“Mark Talbot operates like a calm, rational medic checking his patients. His careful, clear accounts of the Bible’s teaching of suffering, his case that human suffering arises from the race’s fallenness—its rebellion—looks forward to the redemption and consummation that await those who repent and put their faith in Christ. Mark shows himself sensitive to the Bible’s details, its modes and idioms, and to how we humans bear our suffering, cataloging the perplexity, frustration, and futility of human life, the litany of human sin and woe, that comes from our sin. The book forms an armory for the Christian and for his family and friends, outfitting us to endure our suffering through childbearing and motherhood, through the duty and drudgery of daily work, through lives cut short and old age, and through wealth and its loss. The careful reader will want more and more of Mark’s unique books.”
Paul Helm, former Professor of the History and Philosophy of Religion, King’s College London

“None of us make it through this life without seeking to make sense of its inherent suffering. To help us in this pursuit, Mark Talbot takes us to the central story that helps us make sense of the suffering in our individual stories, the story of creation impacted by the curse because of sin. With insight and analysis of the original goal, original order, and original goodness of creation, he helps us to see not only how the impact of the curse has disrupted that order and goodness, but also what God is doing through Christ to redeem, restore, and bring us into the life of goodness and glory he intends to share with us forever.”
Nancy Guthrie, author, Even Better than Eden

“Mark Talbot joins together what can be easy to separate when thinking about suffering: consistently insightful investigation of the Bible (especially Genesis 1–3), clear-headed reflection on the human condition, and a deep tenderness toward actual sufferers. The way in which he folds together the stories we tell about our own lives with Scripture’s story was especially gratifying to read. Mark also manages to write about difficult subjects without ever being difficult to understand—he carries the reader along beautifully. I learned a lot from this book, and I recommend it highly.”
Eric Ortlund, Lecturer in Old Testament and Biblical Hebrew, Oak Hill College; author, Suffering Wisely and Well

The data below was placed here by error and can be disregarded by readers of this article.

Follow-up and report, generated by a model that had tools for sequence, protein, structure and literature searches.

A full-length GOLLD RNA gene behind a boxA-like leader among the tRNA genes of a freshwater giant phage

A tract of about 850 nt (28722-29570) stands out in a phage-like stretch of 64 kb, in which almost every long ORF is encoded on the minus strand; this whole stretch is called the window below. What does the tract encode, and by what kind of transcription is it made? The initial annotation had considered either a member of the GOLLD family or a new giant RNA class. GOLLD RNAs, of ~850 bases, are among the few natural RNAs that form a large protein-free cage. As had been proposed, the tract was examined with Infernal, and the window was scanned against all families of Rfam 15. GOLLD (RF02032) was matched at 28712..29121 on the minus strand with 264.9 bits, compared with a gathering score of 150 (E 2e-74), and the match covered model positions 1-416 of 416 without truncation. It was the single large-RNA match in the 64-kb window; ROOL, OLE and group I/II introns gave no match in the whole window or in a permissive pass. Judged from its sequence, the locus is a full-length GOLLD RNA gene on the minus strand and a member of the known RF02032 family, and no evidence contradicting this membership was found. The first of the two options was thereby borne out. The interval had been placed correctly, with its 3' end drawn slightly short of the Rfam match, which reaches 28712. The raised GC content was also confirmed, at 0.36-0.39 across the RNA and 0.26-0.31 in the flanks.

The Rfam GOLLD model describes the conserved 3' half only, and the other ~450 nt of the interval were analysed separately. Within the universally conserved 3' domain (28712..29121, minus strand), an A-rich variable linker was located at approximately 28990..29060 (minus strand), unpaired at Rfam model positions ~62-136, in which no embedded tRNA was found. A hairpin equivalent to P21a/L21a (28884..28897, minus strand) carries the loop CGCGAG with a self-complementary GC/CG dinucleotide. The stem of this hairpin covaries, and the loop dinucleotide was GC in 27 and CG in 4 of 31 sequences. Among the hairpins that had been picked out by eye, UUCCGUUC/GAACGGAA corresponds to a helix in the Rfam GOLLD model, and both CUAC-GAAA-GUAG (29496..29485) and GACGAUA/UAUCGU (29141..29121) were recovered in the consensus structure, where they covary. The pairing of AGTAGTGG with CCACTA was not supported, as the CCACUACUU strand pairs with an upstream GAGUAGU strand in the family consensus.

“We need to avoid two mistakes: seeing our lives as pointless or thinking we’ll win an Oscar for best director. Wheelchair-bound Mark Talbot shows with soaring spirit that we have important roles as supporting actors in a majestic drama of creation, rebellion, suffering, and redemption plotted out by God.”
Marvin Olasky, Senior Fellow, Discovery Institute; author, The Tragedy of American Compassion and Lament for a Father

“With this volume, Mark Talbot continues what looks set to be a tour de force on Christianity and the suffering Christian. In his first book, he pressed the existential power and importance of individual narratives of pain and anguish. Here he steps back and sets those stories within the larger framework of the great narrative of God’s dealings with his people. If it is true that every story of human suffering has its unique pain for those involved, Talbot demonstrates with characteristic conviction and authority that all redemption from suffering must be understood in terms of the unique revelation of God in Christ.”
Carl R. Trueman, Professor of Biblical and Religious Studies, Grove City College; author, The Rise and Triumph of the Modern Self

“This second volume in Mark Talbot’s tetralogy on suffering is a masterful handling of the vexing and deeply personal problem of suffering in the life of the Christian. Talbot the philosopher shows his skill as a biblical theologian by situating suffering within the grand sweep of the Bible’s fourfold storyline: creation, fall, redemption, and consummation. Both elegant and wise, as well as judicious and kind, this is biblical and theological reflection at its very best—the kind of thoughtful, mature analysis that feeds the people of God. There are treasures to be found on every page—and, as a bonus, in many of the endnotes! Christian, here you have a sure and steady guide. Take and read—and learn from someone who has thought more deeply and scripturally about suffering than anyone I know. Highly recommended!”
Todd Wilson, President, Center for Pastor Theologians; author, Real Christian; coauthor, The Pastor Theologian

“One of the greatest difficulties about enduring a time of suffering or sorrow is that it so often seems purposeless. It hurts so much and appears to accomplish so little. The path to peace is to set our suffering in the context of a wider story that God is telling in and through us—a story that Mark Talbot describes so well in the pages of this precious book.”
Tim Challies, author, Seasons of Sorrow